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Name of Symptom/Sign:
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ICD-9 787.1
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Heartburn, also known as pyrosis[1], cardialgia, or acid indigestion[2] is a burning sensation[3] in the chest, just behind the breastbone or in the epigastrium.[4] The pain often rises in the chest and may radiate to the neck, throat, or angle of the jaw.

Heartburn is usually associated with regurgitation of gastric acid (gastric reflux) which is the major symptom of gastroesophageal reflux disease (GERD).[5] It however may also be a symptom of ischemic heart disease, though this is true for only 0.6% of those experiencing heartburn. [6]


The terms dyspepsia and indigestion are often used interchangeably with heartburn[citation needed], though some sources emphasize a distinction.[7] Dyspepsia is defined as a combination of epigastric pain and heartburn.[8] Heartburn is commonly used interchangeably with gastroesophageal reflux disease rather than just to describe a symptom of burning in one's chest.[9]

Differential diagnosis

Cardiac and esophageal causes may share similar symptoms as these two structures have the same nerve supply.[6]

Cardiac disease is one of the first conditions that must be excluded in patients with unexplained chest pain given that patients with chest pain related to GERD cannot be distinguished from those with chest pain due to cardiac conditions. As many as 30% of chest pain patients undergoing cardiac catheterization have findings which do not account for their chest discomfort, and are often defined as having "atypical chest pain" or chest pain of undetermined origin.[10] According to data recorded in several studies based on ambulatory pH and pressure monitoring, it is estimated that 25% to 50% of these patients have evidence of abnormal GERD.


Gastroesophageal reflux disease is the most common cause of heartburn. In this condition acid reflux has led to inflammation of the esophagus.[4]

Functional heartburn

{Template:Main:Functional heartburn

Functional heartburn is heartburn of unknown cause.[11] It is associated with other functional gastrointestinal disorder like irritable bowel syndrome and is the primary cause of lack of improvement post treatment with proton pump inhibitors (PPIs).[11] PPIs are however still the primary treatment with response rates in about 50% of people.[11] The diagnosis is based upon the Rome III criteria of 1) burning retrosternal discomfort 2) absence of GERD as the cause 3) no esophageal motility disorders.[11] It was found to be present in 22.3% of Canadians in one survey.[11]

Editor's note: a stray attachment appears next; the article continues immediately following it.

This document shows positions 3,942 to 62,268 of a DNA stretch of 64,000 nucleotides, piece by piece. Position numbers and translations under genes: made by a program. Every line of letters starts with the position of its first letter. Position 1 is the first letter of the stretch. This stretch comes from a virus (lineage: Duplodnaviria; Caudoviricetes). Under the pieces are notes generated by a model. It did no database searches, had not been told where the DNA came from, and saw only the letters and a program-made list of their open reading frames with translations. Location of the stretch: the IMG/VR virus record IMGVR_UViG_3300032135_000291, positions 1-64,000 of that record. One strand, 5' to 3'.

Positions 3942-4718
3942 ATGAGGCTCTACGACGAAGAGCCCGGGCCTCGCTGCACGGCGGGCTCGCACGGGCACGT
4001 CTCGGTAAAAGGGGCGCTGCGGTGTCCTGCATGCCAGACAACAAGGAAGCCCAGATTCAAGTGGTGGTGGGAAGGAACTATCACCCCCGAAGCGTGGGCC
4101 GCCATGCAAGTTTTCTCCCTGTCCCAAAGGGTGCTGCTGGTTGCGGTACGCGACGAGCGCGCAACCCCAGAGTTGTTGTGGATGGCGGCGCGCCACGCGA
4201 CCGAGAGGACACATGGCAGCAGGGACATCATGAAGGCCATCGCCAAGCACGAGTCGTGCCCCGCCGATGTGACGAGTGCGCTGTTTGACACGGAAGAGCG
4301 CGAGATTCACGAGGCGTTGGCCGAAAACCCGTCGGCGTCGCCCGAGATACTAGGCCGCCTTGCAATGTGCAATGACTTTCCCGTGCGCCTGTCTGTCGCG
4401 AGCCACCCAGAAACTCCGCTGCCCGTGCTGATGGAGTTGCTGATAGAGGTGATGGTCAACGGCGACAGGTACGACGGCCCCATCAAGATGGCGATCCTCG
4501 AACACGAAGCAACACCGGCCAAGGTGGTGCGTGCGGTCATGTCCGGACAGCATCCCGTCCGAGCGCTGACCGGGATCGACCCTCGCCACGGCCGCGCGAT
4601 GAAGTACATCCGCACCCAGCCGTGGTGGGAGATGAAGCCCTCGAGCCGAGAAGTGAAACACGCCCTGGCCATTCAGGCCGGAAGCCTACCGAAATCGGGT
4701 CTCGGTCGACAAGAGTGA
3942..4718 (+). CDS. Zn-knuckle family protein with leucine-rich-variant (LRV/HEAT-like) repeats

Heartburn is recognized as a symptom of an acute myocardial infarction and angina.[12] A description of burning or indigestion-like pain increases the risk of acute coronary syndrome, but not to a statistically significant level.[13] In a group of people presenting to a hospital with GERD symptoms, 0.6% may be due to ischemic heart disease.[6]

Diagnostic approach

Heartburn can be caused by several conditions and a preliminary diagnosis of GERD is based on additional signs and symptoms. The chest pain caused by GERD has a distinct 'burning' sensation, occurs after eating or at night, and worsens when a person lies down or bends over.[14] It also is common in pregnant women, and may be triggered by consuming food in large quantities, or specific foods containing certain spices, high fat content, or high acid content.[14][15] If the chest pain is suspected to be heartburn, patients may undergo an upper GI series to confirm the presence of acid reflux.[15][16] Heartburn or chest pain after eating or drinking and combined with difficulty swallowing may indicate esophageal spasms.[17]

GI cocktail

Relief of symptoms 5 to 10 minutes after the administration of viscous lidocaine and an antacid increases the suspicion that the pain is esophageal in origin.[18] This however does not rule out a potential cardiac cause[19] as 10% of cases of discomfort due to cardiac causes are improved with antacids.[20]